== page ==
Today I am thinking fondly of our friends across the pond for a double dose of British themed entertainment. One of the greatest sequential discovery puzzles of all time, and certainly one of my personal favorites, is the Big Ben puzzle. This beautiful piece of woodworking sculpture, created for the 2014 International Puzzle Party held in London, was designed by John Moores, Junichi Yananose & Brian Young (Mr. Puzzle!) and crafted by Brian Young. If you are at all a fan of London the sculpture of the clock tower itself would be worth owning due to its beautiful construction and lovely attention to detail. These could easily sell out at any gift shop in Westminster. Handcrafted from Papua New Guinean Rosewood, Western Australian Jarrah and Queensland Silver Ash, with brass elements, they are truly works of art. But of course this sculpture is so much more. Initial exploration of the puzzle reveals a very solid structure, very little wiggling of the 4 clock faces, and a bit of rattling deep inside somewhere. The ostensible challenge here is to find and liberate “Big Ben”, which is of course the great bell at the top of the clock tower. In this case it’s more of an itty bitty bell, but no less satisfying once you find it. There are a few tricks to solve at the start of the puzzle, and eventually you will find yourself navigating the cobbled streets of London, metaphorically speaking. The puzzle can be classified in a few different ways, including a ‘take apart’ puzzle, a ‘progressive movement’ puzzle, and a ‘sequential discovery’ puzzle. This is in fact why it is such a great puzzle, so much fun to solve and so satisfying. Along the way you will discover “Queen Elizabeth’s Crown” as well, as an incentive to soldier on. The puzzle keeps going, which is particularly thrilling, since it’s so much fun. Just when you think you may have solved it, it presents a few more challenges which need to be solved. I mentioned that I think this may be the greatest sequential discovery puzzle of all time (so far!) because of the brilliant design and mechanisms which incorporate each element of the puzzle into the solution. Most of these types of puzzles (“sequential discovery”) involve using a part of the puzzle which has been removed previously in order to open up a different part. Like finding a screwdriver which fits that screw you noticed on the bottom. This puzzle takes it to a whole new level. Without giving too much away, you will have to be very creative with elements found in the puzzle and not overlook any ideas. It’s remarkably well thought out. Add to that how stunning it looks, even as it comes apart, for a truly impressive, fun and satisfying puzzle.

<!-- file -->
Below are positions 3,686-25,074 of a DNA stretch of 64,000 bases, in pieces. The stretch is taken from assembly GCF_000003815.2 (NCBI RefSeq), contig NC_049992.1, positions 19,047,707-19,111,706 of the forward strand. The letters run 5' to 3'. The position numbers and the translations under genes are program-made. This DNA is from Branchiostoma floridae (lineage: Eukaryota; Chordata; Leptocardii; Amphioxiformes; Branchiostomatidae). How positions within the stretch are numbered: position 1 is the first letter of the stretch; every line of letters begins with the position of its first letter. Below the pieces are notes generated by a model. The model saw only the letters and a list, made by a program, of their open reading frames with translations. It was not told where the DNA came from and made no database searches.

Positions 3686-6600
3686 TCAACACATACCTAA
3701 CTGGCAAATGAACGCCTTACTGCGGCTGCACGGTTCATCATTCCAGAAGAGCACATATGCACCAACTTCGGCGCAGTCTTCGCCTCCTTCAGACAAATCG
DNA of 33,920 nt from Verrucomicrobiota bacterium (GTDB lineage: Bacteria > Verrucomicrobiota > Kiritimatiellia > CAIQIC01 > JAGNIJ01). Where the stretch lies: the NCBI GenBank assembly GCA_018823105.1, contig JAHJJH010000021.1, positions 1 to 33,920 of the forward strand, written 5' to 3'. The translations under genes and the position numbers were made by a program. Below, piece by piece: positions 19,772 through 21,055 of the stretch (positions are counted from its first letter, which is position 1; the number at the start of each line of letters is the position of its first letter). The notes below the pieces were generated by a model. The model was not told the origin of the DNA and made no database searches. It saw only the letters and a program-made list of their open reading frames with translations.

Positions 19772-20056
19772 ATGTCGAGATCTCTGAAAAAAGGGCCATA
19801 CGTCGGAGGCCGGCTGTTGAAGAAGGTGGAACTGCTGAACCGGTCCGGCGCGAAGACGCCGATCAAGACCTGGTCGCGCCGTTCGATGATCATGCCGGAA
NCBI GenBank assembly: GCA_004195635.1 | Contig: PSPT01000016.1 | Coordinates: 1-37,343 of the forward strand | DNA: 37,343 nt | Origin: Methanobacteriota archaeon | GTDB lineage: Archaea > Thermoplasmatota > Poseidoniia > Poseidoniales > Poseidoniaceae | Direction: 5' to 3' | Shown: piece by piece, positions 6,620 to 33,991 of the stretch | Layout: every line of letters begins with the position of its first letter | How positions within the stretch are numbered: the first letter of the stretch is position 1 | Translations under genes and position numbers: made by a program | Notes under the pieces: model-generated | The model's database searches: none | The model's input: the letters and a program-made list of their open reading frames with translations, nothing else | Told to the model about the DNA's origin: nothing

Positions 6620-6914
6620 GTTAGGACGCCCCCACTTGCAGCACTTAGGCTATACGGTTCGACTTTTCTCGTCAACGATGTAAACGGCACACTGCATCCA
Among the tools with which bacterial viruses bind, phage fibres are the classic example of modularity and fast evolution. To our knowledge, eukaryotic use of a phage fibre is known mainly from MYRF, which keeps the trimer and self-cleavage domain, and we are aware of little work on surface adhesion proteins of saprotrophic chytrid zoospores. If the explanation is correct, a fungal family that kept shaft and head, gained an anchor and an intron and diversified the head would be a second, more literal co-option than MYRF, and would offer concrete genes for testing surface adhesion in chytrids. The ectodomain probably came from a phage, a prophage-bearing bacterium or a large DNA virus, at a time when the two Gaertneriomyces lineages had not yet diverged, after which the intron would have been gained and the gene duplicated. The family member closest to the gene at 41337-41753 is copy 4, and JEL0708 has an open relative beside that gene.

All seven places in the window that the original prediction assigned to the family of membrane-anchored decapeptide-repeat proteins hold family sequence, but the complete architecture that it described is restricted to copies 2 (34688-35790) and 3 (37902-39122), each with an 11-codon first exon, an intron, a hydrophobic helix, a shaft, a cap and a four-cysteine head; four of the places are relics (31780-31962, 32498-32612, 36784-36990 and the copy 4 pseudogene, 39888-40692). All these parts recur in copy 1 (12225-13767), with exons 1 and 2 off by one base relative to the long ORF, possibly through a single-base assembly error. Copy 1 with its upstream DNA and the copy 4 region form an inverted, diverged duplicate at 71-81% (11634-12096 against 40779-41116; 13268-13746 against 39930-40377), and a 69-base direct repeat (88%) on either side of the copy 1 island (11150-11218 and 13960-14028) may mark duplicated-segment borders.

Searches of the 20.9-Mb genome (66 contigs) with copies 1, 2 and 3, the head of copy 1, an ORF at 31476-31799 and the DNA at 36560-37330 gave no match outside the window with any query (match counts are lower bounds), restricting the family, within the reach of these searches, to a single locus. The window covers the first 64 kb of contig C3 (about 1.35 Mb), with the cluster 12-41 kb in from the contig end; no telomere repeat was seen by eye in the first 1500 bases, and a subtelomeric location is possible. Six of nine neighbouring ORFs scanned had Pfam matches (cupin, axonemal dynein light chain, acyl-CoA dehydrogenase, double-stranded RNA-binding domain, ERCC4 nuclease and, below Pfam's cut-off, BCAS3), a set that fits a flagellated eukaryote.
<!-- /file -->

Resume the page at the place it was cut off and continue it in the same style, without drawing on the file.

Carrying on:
|The Big Ben Puzzle by John Moores and Brian Young|